He came to New York City in 1787 with the John Berard family as a slave from Saint-Dominigue. He became a hairdresser and was highly successful among New York’s upper class women. Apart from his skills he listened to and advised his clients, helping them to deepen their own spiritual lives. He used money he earned to help the Bernard widow survive after her husband had died in Saint-Domingue. At the death of Mrs. Bernard, he was freed and took the surname Toussaint after the hero of the Haitian Revolution.
He fell in love with Juliette Noel, and purchased her freedom when she was only fifteen years old. After his marriage, Ven.Pierre and his wife performed many charitable works, opening their home as a orphanage.
|Juliette- Artist Anthony Meucci|
They also organized a credit bureau, an employment agency, and a refuge for priests and destitute travelers. They took in Euphemia, the daughter of his sister Rosalie, who died of tuberculosis, and raised her as their own daughter.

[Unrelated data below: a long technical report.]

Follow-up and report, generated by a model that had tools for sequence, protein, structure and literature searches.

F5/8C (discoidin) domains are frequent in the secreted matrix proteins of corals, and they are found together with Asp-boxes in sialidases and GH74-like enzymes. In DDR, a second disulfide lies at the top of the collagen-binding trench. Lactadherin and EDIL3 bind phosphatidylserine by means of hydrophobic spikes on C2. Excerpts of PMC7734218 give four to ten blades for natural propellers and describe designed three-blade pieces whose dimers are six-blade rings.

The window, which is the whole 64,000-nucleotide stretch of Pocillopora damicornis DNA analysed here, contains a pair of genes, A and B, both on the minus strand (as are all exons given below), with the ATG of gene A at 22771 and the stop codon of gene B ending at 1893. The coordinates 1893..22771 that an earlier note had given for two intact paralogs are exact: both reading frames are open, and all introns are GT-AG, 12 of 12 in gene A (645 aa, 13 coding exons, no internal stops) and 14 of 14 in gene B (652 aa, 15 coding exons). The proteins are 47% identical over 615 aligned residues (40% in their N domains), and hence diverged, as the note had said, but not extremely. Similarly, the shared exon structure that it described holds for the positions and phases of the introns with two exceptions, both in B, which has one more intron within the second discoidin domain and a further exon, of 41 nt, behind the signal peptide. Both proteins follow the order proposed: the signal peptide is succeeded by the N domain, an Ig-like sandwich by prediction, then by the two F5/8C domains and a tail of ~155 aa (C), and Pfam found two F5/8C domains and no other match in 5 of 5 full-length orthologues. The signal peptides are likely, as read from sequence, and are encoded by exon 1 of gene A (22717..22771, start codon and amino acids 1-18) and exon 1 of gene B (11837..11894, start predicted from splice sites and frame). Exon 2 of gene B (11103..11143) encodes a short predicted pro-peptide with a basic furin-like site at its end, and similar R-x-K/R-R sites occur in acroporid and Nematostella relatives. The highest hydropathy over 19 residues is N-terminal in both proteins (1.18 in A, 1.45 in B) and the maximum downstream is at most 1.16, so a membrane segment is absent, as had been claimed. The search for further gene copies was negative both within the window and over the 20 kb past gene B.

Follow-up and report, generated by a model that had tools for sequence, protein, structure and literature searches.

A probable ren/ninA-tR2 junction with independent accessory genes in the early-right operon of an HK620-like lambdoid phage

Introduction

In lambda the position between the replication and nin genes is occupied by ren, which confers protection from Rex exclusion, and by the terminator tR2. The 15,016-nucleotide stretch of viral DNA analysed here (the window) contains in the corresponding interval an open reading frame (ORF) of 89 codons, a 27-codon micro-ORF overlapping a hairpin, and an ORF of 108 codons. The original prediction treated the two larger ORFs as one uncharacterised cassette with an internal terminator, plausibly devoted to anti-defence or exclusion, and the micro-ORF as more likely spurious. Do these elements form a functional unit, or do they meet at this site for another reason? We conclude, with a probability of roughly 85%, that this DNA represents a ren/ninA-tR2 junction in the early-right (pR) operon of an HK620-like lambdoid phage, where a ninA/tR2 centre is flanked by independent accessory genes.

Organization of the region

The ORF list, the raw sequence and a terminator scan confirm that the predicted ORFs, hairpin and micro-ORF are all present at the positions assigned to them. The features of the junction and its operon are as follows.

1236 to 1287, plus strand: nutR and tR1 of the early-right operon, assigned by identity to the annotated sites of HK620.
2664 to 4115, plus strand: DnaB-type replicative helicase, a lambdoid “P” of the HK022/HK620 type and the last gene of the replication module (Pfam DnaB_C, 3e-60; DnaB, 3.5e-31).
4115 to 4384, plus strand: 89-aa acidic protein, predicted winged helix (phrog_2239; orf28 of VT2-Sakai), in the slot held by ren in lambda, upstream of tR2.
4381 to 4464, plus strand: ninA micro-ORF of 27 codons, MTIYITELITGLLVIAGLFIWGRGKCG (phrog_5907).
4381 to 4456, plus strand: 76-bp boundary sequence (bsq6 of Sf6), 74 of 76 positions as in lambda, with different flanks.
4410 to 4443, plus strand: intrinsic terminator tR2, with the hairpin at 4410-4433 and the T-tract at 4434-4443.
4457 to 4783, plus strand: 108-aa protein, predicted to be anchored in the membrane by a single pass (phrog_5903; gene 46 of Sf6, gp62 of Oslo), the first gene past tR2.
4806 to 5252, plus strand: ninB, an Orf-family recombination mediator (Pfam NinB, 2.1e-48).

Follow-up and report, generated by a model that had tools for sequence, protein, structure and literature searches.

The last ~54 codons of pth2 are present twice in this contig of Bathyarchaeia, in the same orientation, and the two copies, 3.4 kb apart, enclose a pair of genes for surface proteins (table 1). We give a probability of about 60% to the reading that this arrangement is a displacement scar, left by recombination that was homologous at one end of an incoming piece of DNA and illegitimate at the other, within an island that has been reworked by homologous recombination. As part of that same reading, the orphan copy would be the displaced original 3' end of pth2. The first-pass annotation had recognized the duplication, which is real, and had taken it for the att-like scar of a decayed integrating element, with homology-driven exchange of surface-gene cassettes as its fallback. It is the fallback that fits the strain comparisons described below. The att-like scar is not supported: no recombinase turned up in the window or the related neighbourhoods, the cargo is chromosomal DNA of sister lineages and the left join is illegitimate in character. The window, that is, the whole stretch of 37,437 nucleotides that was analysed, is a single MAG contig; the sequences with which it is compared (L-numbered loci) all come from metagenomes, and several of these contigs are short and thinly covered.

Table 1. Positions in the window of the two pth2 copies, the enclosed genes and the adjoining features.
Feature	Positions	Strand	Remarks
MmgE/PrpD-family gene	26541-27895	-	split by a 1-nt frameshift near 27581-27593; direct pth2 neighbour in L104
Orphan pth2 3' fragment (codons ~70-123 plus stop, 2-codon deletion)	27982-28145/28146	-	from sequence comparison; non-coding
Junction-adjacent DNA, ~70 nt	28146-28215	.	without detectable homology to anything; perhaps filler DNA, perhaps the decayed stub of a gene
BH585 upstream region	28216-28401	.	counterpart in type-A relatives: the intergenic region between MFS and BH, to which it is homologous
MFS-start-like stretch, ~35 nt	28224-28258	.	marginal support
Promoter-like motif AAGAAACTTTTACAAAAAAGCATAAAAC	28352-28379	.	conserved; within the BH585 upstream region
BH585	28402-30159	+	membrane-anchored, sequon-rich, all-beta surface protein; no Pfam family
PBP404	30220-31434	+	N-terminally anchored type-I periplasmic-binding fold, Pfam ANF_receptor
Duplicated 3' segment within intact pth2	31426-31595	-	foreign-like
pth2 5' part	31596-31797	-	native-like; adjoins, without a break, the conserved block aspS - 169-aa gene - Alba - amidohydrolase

|Euphemia- A. Meucci|
Ven. Pierre was instrumental in raising funds for the first Catholic orphanage and began the city’s first school for black children. He helped to provide funds for the Oblate Sisters of Providence, a religious community of black nuns founded in Baltimore. He also played a vital role in providing resources to erect Old Saint Patrick’s Cathedral in Lower Manhattan. During a Yellow Fever epidemic when many of the city’s political leaders fled the city in search of healthier rural climates, Ven. Pierre cared for the sick and the dying.
He was a successful entrepreneur, who did not hesitate to share the fruits
of his labor with others and attended daily Mass.Even in old age
Euphemia died before her adoptive parents, of TB like her mother. Juliette died in 1851 and Ven. Pierre died two years later on June 30, 1853, at the age of eighty-seven and was buried alongside his wife and daughter,
In recognition of his virtuous life, the late Cardinal Cooke introduced Ven. Pierre’s cause for canonization at the Vatican in 1968. In December 1989, the late Cardinal O’Connor had the remains of Ven. Pierre Toussaint transferred from Lower Manhattan to St. Patrick’s Cathedral in midtown Manhattan where he is buried as the only lay person, alongside the former Cardinal-Archbishops of New York City. On December 17, 1997, Pope John Paul II declared Pierre Toussaint, “Venerable,” thus placing him firmly on the road to becoming North America’s first black saint. Venerable Pierre Toussaint was a man who was proud of his faith, proud of his culture and committed to serving others.